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  • Writer's picturePatricia Peprah

My Lessons from Guy Kawasaki

There are individuals whose achievements have left a mark on me; one such person is Guy Kawasaki, who rose from humble beginnings, pushing the boundaries to become a leading personality in his chosen field. His understanding of business concepts is awe-inspiring and easy to apply. Here are three lessons to ignite your passion.


Guy Kawasaki was born on 30th August 1954, to a not-too-rich family. He attended Sandford to study a major in psychology and then to UCLA for his Masters, whiles studying, he started work at Nova Styling, where he acquired selling skills that propelled him in his career.

In 1983, Apple Inc. hired him as a software evangelist, a role in which he was responsible for promoting Apple's products to software developers and other potential customers.

In 1987, he founded a database company called Acuis and two years later, he started his consulting business on writing and speaking.

In 1995, he went back to Apple Inc. to help with the business at a time it was believed to be going down and two years later, he left to start his own company, Garage Technology Ventures; Garage provided early-stage venture capital to technology startups.


Guy Kawasaki was known for his hands-on approach to investing, and his ability to help entrepreneurs turn their ideas into successful businesses.

He is a renowned speaker with over 50 keynote speeches and has written more than 15 books. His most popular book, 'The Art of the Start 2.0' is a guide for entrepreneurs on how to launch a successful startup.

Guy Kawasaki inspired so many businesses and brands around the world and he is known for popularizing the term evangelist in marketing, which means brand ambassador. If you have the time, listen to his podcast, The Remarkable People.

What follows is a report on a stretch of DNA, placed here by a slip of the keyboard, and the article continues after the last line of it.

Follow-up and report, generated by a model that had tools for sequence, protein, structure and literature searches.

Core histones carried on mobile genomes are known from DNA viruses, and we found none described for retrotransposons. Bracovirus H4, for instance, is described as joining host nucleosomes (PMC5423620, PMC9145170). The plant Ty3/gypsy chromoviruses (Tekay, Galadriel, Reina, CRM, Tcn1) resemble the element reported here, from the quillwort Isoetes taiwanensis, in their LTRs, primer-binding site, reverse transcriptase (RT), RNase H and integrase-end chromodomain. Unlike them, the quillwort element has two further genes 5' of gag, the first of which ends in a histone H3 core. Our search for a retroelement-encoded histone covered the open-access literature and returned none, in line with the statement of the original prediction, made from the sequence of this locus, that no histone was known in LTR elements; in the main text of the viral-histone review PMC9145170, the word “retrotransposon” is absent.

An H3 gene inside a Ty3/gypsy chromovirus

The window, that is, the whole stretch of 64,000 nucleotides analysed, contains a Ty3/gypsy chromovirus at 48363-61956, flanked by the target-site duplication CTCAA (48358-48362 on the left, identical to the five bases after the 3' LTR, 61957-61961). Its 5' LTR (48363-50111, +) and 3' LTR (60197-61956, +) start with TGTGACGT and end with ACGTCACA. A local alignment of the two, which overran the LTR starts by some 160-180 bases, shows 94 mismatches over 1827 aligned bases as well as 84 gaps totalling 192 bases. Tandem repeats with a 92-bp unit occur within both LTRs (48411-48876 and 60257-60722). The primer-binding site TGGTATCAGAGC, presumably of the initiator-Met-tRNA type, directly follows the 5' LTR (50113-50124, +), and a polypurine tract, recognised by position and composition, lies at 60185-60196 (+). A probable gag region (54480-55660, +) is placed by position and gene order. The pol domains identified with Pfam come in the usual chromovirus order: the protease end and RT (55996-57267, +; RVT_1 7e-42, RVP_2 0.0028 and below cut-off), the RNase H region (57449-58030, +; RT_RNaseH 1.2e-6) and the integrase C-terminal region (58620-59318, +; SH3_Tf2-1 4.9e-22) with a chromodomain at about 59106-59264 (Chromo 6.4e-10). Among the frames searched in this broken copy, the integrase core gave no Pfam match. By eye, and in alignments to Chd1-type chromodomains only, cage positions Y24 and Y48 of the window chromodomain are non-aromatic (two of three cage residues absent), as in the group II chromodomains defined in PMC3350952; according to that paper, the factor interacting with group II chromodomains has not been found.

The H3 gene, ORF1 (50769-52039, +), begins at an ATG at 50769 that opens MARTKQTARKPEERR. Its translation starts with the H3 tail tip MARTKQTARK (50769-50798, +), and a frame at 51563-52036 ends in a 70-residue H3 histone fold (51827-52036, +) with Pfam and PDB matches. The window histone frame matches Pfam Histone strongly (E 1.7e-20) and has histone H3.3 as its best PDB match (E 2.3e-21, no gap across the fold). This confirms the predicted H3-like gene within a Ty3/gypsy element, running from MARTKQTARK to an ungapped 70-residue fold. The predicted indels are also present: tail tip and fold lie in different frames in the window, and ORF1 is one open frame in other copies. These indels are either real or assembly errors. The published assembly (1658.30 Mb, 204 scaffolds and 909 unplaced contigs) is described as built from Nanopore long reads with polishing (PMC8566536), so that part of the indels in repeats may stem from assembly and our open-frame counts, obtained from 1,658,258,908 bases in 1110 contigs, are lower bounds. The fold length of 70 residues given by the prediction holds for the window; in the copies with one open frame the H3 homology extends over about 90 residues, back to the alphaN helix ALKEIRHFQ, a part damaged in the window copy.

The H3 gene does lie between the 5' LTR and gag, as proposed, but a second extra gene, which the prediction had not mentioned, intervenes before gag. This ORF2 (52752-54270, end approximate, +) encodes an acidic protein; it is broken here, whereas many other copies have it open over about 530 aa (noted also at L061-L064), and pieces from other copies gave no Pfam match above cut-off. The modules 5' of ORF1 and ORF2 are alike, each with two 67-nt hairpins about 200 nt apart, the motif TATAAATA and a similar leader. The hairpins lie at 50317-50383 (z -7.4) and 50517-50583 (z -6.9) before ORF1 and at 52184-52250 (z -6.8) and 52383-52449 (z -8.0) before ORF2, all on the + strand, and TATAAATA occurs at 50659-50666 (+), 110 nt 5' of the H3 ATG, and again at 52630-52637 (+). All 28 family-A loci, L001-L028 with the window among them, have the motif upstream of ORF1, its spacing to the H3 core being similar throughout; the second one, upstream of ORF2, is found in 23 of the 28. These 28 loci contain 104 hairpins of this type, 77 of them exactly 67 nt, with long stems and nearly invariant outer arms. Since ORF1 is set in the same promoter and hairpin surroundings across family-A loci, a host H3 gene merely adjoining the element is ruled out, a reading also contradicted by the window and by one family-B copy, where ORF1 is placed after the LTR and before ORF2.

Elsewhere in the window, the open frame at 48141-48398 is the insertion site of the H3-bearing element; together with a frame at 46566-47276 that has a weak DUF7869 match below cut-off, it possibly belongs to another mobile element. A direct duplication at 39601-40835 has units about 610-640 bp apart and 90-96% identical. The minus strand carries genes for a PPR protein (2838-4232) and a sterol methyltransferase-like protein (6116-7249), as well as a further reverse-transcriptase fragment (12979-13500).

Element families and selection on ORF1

Three Important Lessons from Guy Kawasaki that Inspired me

Lesson One

His belief that relationships must not be transactional.

This may sound strange, especially for a business aiming at making money; to succeed, businesses must first build emotional and personal connections with their stakeholders for continuous patronage; going into a transactional relationship may help you achieve your goal, but may not guarantee repeat business.

An example of a successful business that believes in the above lesson is Facebook which allows you signup first, build a relationship as they get to understand who you are and based on the relationship, they make money by giving you the services you desire most.


Lesson Two

His belief that it is good to give first.

Giving first applies to practically all aspects of life, including networking and professional connections; He shares his knowledge in business and inspires individuals and brands; Guy Kawasaki's net worth of over 30 million dollars may be partly because of this; he gives first, develops a business connection and makes money from it. So never hesitate to share what you know or have when needed


Guy Kawasaki once said, "The best reason to start an organization is to make meaning; to create a product or service to make the world a better place."

Businesses are established to solve problems and challenges in society, so when you see the need for something, you create a business that solves it.

Always look for ways to assist society, find out who your target market is and look for solutions to their issues. This is an effective way to do business and impact lives.

Lesson Three

His belief that learning is a process

Guy Kawasaki believes learning is a continuous process rather than a singular event: Effective learning requires engagement, connection, repetition, and practice. The learning process can be lifelong; as individuals, our behavior and skills will improve as we interact with people and acquire new knowledge.

One gives freely, yet grows all the richer; another withholds what he should give, and only suffers want. Whoever brings blessing will be enriched, and one who waters will himself be watered. PROVERBS 11:24–25

Those who give freely and generously are happier, healthier, and experience more blessings.

Guy Kawasaki shares his knowledge and experience; through this, he gains more knowledge interacting with brands and people. His success is a testament to his entrepreneurial spirit, his ability to inspire others and the blessings one receives from sharing.

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